Injured employees: How long should they get to come back to work?

By Jeffrey R. Smith

Suffering a serious injury is never a good situation, especially if it affects a person’s ability to do the job. When the injury can be rehabilitated, the employer is obligated to give the employee a chance to get well without losing her job. This can involve a medical leave, perhaps with a gradual return-to-work program with lighter duties that lead up to full duties, or sometimes the employee is accommodated with permanent lighter duties. However, it can become a tough situation if the injury doesn’t seem to be healing and the employer can’t afford to accommodate the employee with a leave or lesser duties forever.

Legally, employers are required to accommodate employees with injuries or disabilities to the point of undue hardship. It’s also usually the decent thing to do — it wouldn’t be fair for someone to lose her livelihood because she got hurt, especially if the injury could heal in the future and the employee would be able to do her job again.

Generally, when an employee has to take time off due to an injury, she’s required to provide regular updates on her medical status from doctors. These allow the employer to get an idea of when the employee will return to work and if any special accommodation is needed, which is important to running the business. But if there’s no timetable for recovery, how long should the employer be expected to wait? This can become a difficult situation that boils down to the employee’s right to preserving her livelihood versus the employer’s right to operate its business to its full capacity.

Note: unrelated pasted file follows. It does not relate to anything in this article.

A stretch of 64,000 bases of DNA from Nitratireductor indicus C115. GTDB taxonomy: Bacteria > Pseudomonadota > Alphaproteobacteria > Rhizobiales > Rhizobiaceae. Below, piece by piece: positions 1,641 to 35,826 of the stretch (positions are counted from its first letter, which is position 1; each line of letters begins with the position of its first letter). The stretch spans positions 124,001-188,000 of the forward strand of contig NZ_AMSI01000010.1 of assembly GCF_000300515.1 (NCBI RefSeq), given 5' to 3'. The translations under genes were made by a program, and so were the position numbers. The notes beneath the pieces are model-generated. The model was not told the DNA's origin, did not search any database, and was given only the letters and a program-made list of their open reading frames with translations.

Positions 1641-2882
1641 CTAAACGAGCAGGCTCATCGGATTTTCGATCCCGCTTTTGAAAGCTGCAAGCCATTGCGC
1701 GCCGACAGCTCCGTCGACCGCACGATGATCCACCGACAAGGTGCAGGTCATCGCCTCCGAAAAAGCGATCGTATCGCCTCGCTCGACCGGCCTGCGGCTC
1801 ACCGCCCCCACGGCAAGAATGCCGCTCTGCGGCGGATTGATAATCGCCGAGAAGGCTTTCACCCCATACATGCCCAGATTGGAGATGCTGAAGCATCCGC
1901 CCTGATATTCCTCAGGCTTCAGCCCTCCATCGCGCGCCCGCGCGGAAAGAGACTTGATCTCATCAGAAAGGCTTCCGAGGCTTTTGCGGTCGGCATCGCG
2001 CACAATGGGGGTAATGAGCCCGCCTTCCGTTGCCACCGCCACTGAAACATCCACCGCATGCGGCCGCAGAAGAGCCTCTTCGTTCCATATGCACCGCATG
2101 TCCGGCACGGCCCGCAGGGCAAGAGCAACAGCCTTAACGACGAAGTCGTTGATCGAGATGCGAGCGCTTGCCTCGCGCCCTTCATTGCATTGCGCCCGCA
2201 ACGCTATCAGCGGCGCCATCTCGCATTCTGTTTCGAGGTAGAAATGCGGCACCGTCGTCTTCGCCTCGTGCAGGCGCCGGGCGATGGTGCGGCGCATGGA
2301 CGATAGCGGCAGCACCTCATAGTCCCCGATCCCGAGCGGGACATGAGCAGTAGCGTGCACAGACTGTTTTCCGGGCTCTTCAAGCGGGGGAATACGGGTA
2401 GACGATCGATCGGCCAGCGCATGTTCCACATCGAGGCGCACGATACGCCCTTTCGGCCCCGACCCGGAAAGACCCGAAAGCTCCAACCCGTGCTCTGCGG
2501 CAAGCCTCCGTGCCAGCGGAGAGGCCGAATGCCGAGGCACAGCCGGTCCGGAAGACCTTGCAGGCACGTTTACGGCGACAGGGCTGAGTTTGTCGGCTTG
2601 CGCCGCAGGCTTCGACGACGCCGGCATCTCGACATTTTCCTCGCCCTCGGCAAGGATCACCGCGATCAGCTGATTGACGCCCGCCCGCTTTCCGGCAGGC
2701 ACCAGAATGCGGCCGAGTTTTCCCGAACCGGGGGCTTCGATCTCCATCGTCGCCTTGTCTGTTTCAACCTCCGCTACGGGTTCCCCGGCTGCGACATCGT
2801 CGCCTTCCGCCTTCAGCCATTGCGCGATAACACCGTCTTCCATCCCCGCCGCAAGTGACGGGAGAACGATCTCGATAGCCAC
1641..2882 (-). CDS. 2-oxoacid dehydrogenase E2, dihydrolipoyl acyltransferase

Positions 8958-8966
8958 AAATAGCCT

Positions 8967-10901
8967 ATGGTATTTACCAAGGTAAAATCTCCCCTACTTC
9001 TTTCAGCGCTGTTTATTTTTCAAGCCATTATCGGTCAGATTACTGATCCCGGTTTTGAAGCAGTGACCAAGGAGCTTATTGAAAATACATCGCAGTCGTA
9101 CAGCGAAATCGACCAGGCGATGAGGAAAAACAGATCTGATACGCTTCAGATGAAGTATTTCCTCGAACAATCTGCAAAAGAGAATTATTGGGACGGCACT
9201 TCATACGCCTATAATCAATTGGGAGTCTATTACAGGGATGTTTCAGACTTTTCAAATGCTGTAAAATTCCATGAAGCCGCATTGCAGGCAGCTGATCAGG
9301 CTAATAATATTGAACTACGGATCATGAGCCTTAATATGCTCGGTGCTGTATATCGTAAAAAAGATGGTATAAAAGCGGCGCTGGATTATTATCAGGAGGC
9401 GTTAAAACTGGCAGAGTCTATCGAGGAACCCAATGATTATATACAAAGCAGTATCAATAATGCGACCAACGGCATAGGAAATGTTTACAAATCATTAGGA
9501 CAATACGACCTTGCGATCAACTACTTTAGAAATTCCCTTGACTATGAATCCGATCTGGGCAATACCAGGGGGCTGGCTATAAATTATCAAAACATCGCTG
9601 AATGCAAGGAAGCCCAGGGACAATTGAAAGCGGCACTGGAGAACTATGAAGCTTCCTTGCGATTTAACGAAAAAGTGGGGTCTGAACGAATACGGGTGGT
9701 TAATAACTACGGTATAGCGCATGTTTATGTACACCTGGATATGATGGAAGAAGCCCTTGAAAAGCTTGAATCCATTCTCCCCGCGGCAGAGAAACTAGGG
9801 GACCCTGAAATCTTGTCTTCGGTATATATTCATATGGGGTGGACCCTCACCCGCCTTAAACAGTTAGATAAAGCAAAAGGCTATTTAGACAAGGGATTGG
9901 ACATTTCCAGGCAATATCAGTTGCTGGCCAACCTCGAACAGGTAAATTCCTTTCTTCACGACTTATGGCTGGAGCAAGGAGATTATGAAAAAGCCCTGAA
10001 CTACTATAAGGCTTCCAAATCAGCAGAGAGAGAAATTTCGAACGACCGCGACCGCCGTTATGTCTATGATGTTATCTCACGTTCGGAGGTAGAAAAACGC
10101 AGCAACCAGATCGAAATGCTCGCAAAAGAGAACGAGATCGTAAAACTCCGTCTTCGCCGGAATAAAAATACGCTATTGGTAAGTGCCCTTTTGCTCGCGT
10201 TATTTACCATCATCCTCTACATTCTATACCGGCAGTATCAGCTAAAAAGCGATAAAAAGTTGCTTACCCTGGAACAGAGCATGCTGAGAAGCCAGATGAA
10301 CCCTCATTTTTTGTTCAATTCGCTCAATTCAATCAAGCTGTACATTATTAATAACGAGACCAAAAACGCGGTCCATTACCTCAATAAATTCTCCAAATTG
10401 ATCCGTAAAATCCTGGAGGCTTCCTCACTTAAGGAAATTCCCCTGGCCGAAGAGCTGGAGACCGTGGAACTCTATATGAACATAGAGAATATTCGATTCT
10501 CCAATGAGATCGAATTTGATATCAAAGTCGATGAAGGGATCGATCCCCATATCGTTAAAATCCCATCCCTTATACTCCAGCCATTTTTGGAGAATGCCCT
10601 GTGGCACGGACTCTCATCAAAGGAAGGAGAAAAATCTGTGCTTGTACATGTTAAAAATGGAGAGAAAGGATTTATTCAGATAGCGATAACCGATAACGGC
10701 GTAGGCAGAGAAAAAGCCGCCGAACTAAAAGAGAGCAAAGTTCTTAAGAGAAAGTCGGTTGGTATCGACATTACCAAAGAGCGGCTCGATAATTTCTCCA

A small-town Manitoba police officer had shoulder problems a few years ago that impeded his ability to do his job, which required significant physical exertion at times. The condition was identified as degenerative, but he had surgery and said he hoped for improvement. The town gave him time to rehabilitate his shoulder but, after a year, there was little improvement and no estimation of his return. Though the officer wanted to go back to work and said his shoulder might still improve, the town was stuck — it had a small police force and needed someone who could do the job right away. It finally decided it had to hire someone new and terminated the injured officer.

In this case, the town needed someone who could do the job right away and there was no indication the injured officer would ever be able to come back. As a result, the employment contract was frustrated because the officer was unable to fulfill his job requirements. However, the situation may have been different if it was a larger police department — perhaps it would have been able to afford to keep the officer on the payroll a little longer. Frustration of contract and undue hardship is a moving target and never the same. But how much weight should be given to the employee and employer rights?

If an employee has a timetable for recovery, the employer would naturally be expected to hold her job, unless the timetable was ridiculously long. But what if there is no timetable, such as in the Manitoba police officer’s case? If a doctor can’t predict when or if an employee will get better, should the employer be able to terminate right away? Is it unfair to ask it to carry the employee’s salary for a while — more than a year in the above case — when the contract will probably be frustrated anyway?

Jeffrey R. Smith is the editor of Canadian Employment Law Today, a publication that looks at workplace law from a business perspective. For more information, visit

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